Let’s explore home rule for Eagle County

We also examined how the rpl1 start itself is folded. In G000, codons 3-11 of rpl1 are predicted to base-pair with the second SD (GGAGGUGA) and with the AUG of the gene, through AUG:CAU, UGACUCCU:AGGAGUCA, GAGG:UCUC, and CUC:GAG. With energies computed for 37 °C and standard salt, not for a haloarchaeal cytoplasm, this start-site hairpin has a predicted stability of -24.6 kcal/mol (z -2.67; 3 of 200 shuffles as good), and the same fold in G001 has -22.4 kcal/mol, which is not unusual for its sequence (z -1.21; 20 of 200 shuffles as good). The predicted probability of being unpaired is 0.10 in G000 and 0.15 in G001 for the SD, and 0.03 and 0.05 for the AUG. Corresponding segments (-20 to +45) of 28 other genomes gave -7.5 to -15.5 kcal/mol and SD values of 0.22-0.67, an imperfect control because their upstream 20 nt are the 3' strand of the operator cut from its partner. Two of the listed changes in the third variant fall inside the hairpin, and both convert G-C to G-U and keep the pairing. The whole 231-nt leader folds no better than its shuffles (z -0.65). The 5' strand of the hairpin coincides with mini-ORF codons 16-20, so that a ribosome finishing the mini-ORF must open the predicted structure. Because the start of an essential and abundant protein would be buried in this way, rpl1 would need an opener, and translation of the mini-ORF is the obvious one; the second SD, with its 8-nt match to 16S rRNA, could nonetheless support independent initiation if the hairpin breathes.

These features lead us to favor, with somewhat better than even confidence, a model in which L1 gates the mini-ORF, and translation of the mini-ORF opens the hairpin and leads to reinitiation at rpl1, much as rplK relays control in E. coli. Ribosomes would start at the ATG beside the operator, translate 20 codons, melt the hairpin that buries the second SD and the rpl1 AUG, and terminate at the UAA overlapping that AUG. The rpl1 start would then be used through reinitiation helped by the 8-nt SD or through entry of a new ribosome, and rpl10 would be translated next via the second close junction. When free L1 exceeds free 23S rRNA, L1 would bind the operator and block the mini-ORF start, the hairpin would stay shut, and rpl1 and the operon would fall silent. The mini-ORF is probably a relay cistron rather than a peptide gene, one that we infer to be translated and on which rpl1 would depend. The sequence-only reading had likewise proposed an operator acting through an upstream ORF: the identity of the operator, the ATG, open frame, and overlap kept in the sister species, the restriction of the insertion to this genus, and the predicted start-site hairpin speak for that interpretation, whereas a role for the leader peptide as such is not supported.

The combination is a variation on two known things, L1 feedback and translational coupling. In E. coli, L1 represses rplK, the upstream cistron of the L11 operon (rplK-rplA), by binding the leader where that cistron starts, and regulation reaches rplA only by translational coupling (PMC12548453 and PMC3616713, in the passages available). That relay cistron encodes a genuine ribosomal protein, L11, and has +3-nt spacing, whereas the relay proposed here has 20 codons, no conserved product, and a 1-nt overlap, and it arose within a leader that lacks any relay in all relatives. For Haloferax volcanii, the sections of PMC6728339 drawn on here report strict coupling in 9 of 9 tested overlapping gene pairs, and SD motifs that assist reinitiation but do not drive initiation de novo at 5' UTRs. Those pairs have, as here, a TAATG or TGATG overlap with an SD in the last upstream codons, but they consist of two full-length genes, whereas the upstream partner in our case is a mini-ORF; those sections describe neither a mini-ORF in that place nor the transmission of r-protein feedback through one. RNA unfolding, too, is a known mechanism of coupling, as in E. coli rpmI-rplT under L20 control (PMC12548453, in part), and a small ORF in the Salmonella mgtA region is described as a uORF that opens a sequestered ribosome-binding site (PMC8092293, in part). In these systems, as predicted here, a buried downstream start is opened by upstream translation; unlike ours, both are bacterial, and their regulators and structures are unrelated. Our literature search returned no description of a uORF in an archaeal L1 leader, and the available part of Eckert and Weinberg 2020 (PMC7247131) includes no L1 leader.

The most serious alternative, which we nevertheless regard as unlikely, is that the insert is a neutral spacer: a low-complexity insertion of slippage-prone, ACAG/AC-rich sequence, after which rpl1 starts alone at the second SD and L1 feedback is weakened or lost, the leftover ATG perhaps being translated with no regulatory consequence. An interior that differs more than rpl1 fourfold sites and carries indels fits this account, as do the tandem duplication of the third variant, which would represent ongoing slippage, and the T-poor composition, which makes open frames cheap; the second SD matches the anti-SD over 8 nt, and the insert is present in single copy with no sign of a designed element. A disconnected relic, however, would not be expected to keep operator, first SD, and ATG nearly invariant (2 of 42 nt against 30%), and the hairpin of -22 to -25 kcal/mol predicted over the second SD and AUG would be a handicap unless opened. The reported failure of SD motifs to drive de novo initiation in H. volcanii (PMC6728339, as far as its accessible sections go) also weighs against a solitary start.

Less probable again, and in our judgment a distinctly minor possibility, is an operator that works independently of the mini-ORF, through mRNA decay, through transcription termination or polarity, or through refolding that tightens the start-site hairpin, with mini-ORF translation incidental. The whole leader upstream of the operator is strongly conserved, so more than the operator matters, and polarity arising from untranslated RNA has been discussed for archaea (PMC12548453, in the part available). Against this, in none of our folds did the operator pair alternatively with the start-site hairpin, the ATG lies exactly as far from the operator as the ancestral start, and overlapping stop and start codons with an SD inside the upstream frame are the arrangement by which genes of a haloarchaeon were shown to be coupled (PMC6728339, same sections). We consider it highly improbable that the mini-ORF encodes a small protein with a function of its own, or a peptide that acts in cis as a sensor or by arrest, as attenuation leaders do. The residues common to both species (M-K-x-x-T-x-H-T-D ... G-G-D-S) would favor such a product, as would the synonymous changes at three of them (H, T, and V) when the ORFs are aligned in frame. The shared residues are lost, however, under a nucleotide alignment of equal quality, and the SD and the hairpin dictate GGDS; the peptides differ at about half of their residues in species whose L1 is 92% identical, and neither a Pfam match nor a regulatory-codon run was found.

Over the last two decades, many Eagle County residents from the Roaring Fork Valley have struggled to increase representation and involvement in county affairs. There is often a disconnect between the thinking in the Vail and Roaring Fork valleys with regard to budget priorities and land use. I served for six years on the planning commissions, both countywide and local, and several task forces in an effort to improve communication and representation. Now, based on the interest of people throughout the county for better representation, we have a chance to make a major step forward.In early October, mail-in ballots will be sent to all Eagle County voters and there will be two items related to “taking a look” at Home Rule. The first (1A), asks voters to vote for creating a Home Rule Charter Commission to study the issue and bring a proposed charter to voters next year (vote “Yes”). The second asks voters to select 11 members to the charter commission. I encourage you to vote for Jacque Whitsitt and me. Local residents may already know that Pitkin County is a home-rule county and that the towns of Basalt and Carbondale are home-rule municipalities. Here are the reasons that I believe we should explore a home-rule charter for Eagle County: One size does not fit all: Without a charter, the organization and structure of county government is largely set by the state Legislature. Only by becoming a charter county can we insure adequate representation for the Roaring Fork Valley by expanding the board from a state-regulated three commissioners to a local charter-regulated five commissioners. We represent about 20 percent of the population of the county, but have not had a county commissioner from our area for at least two decades. The county budget is now over $100 million, and five commissioners will be able to provide better oversight and prevent a team of two commissioners from diverting dollars into pet projects or favored areas of the county. Greater geographic diversity on the board will also bring additional local knowledge to sidewalk, road, park, land use and social service decisions. Taxation without representation is not fair: All citizens of Eagle County would be better represented by five commissioners, each from distinct geographic regions of the county. Boundaries can be drawn to reflect our topography and unique communities. Having a local commissioner could also improve coordination and problem-solving with the town of Basalt.Our current representative (quick, can you remember his/her name?) lives in Gypsum, about an hour from here in good weather, and the previous commissioner lived in Burns, almost two hours from Basalt. Wouldn’t it be great to run into your commissioner at local events, in the grocery store, at school activities or other routine locations and speak to them about current county issues? Better decisions and more diverse candidates: Becoming a charter county could also allow us to remove partisanship from the commissioner elections. Candidates currently run through the Democratic and Republican caucuses, and some people feel that adds to the rancor that we have seen among commissioners over the last several years. The charter commission could explore whether a nonpartisan approach would attract a more diverse set of candidates who would focus on issues rather than ideology.Residents of our area have the most to gain from studying home rule and will need a strong turnout of “yes” votes to insure that a commission is authorized and that there is representation from our portion of the county on that commission. By voting in favor of a charter commission, you are voting to ask a diverse group of citizens from throughout the county to study the best manner in which to organize the county and represent the people and to bring back a proposal for voter approval next year. Please look for your mail-in ballot and return mail it to Eagle County or drop it off at the El Jebel office before Nov. 1.Bob Schultz is a local planning and organizational development consultant, recipient of Eagle County’s Distinguished Service Award and candidate for the Home Rule Charter Commission.
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